How does your story end? 6 considerations toward the end of life

Gregory Eastwood, MD, at a signing event for his book "Finishing Our Story: Preparing for the End of Life" at the Barnes & Noble Booksellers store in DeWitt. (photo by Susan Keeter)

Gregory Eastwood, MD, at a signing event for his book “Finishing Our Story: Preparing for the End of Life” at the Barnes & Noble Booksellers store in DeWitt. (photo by Susan Keeter)


Gregory Eastwood, MD, is a physician and ethicist who served for many years as president of Upstate Medical University.

In his new book, “Finishing Our Story: Preparing for the End of Life,” he discusses the dying process, how the quality of life may influence a person’s death, physician-assisted death, palliative care and the importance of making one’s wishes known.

“Each of us will confront our own mortality someday, if we haven’t already,” he says.

Aside from practical advice, such as the selection of a health care proxy, Eastwood’s book also offers guidance in making the end of life more fulfilling.

  1. Reflect on what quality of life means to you and how much importance it has compared to biological life. In other words, would you want everything to be done to keep you alive if your quality of life would be greatly diminished? Do you want your life extended at all costs — financial, social and emotional?
  2. Think about what could happen to you in different health and social circumstances, and talk about that with loved ones. If you have a chronic disorder, such as diabetes or heart trouble, anticipate the types of decisions you may face in the future. Would you want to be resuscitated if your heart stops? Are you OK with having a breathing tube in your trachea? What about intravenous fluids and a feeding tube? Would you want to remain in the hospital or go home?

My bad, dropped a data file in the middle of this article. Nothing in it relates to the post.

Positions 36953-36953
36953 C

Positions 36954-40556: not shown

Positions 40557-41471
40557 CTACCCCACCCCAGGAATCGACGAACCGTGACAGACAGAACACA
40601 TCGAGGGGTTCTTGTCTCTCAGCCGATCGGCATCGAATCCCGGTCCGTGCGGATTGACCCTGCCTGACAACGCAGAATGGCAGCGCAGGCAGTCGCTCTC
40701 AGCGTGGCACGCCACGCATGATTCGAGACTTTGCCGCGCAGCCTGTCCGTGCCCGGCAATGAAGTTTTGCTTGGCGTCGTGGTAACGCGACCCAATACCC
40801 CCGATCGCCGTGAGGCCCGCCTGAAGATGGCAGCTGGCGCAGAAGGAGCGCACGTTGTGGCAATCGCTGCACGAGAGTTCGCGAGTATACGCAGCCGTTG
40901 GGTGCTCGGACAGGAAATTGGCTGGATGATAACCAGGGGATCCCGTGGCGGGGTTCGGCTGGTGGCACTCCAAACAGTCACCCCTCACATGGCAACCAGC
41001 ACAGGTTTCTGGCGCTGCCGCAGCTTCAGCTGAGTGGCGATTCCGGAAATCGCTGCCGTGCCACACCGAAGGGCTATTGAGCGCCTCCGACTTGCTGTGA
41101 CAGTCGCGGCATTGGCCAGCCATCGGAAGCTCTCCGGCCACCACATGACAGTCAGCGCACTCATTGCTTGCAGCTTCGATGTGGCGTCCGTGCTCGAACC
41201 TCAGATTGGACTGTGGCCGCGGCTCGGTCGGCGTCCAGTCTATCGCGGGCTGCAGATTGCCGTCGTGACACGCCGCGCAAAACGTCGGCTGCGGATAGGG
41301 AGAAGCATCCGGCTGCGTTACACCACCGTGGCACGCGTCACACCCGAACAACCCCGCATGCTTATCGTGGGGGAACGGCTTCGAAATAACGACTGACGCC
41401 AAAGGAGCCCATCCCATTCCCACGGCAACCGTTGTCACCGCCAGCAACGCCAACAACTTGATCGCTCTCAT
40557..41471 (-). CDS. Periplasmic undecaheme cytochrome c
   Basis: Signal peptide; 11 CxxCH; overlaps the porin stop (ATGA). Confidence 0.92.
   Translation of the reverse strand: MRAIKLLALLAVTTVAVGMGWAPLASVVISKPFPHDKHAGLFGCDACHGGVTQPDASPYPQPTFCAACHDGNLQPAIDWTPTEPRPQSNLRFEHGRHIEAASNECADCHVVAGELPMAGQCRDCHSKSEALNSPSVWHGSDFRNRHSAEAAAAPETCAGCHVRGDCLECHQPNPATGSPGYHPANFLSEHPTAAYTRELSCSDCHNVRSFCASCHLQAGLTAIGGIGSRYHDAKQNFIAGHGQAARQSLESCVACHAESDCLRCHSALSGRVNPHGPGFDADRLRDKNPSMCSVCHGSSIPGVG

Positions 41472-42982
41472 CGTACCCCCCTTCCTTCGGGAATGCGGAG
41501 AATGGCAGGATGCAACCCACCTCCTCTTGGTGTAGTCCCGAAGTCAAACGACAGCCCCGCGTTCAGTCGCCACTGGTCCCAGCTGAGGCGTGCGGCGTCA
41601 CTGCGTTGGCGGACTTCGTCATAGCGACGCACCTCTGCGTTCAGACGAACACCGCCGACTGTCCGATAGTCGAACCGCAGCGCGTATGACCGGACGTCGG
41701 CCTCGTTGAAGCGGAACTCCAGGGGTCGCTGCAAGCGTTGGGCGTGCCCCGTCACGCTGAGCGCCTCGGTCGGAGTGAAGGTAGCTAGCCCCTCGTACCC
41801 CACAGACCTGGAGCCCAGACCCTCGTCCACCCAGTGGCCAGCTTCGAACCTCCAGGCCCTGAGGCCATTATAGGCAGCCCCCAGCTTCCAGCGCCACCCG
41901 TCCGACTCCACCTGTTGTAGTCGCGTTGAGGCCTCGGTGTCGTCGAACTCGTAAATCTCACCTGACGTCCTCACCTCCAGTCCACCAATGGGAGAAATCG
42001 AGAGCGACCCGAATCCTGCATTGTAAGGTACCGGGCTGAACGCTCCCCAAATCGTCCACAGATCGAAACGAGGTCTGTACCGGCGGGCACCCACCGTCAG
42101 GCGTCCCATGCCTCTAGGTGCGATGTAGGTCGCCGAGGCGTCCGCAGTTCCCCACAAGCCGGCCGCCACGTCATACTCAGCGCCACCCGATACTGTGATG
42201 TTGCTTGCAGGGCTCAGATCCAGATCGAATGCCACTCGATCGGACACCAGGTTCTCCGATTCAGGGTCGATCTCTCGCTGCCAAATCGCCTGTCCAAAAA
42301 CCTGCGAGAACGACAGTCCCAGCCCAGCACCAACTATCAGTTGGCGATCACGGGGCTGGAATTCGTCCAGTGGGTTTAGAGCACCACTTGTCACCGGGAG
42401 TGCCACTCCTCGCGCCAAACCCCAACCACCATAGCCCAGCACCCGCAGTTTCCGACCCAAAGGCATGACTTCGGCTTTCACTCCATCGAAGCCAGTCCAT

3. “Bear in mind that some of the characters who populated the earlier chapters of your story are likely to reappear in the last chapter,” Eastwood writes. “What are the implications of that to you?
  4. Do you have any emotional debts to pay, someone to whom you need to apologize or explain an earlier behavior?
  5. If you are nostalgic, you may want to reinforce memories by revisiting places that have meaning to you, reconnecting with friends or reliving certain experiences.
  6. You may find yourself thinking more about the legacy you will leave. While you cannot change facts or experiences, you may find opportunities to renew context or derive different meanings so that you conclude your story in a way that satisfies you.

The book may be purchased at local bookstores or online through Barnes & Noble, Amazon or the Oxford University Press.

Click here for a “HealthLink on Air” interview with Gregory Eastwood, MD, about end-of-life issues.

Upstate Health magazine summer 2019 issue coverThis article appears in the summer 2019 issue of Upstate Health magazine.

This entry was posted in death/dying, health care, HealthLink on Air, palliative care. Bookmark the permalink.

Leave a Reply

Fill in your details below or click an icon to log in: Logo

You are commenting using your account. Log Out /  Change )

Google photo

You are commenting using your Google account. Log Out /  Change )

Twitter picture

You are commenting using your Twitter account. Log Out /  Change )

Facebook photo

You are commenting using your Facebook account. Log Out /  Change )

Connecting to %s

This site uses Akismet to reduce spam. Learn how your comment data is processed.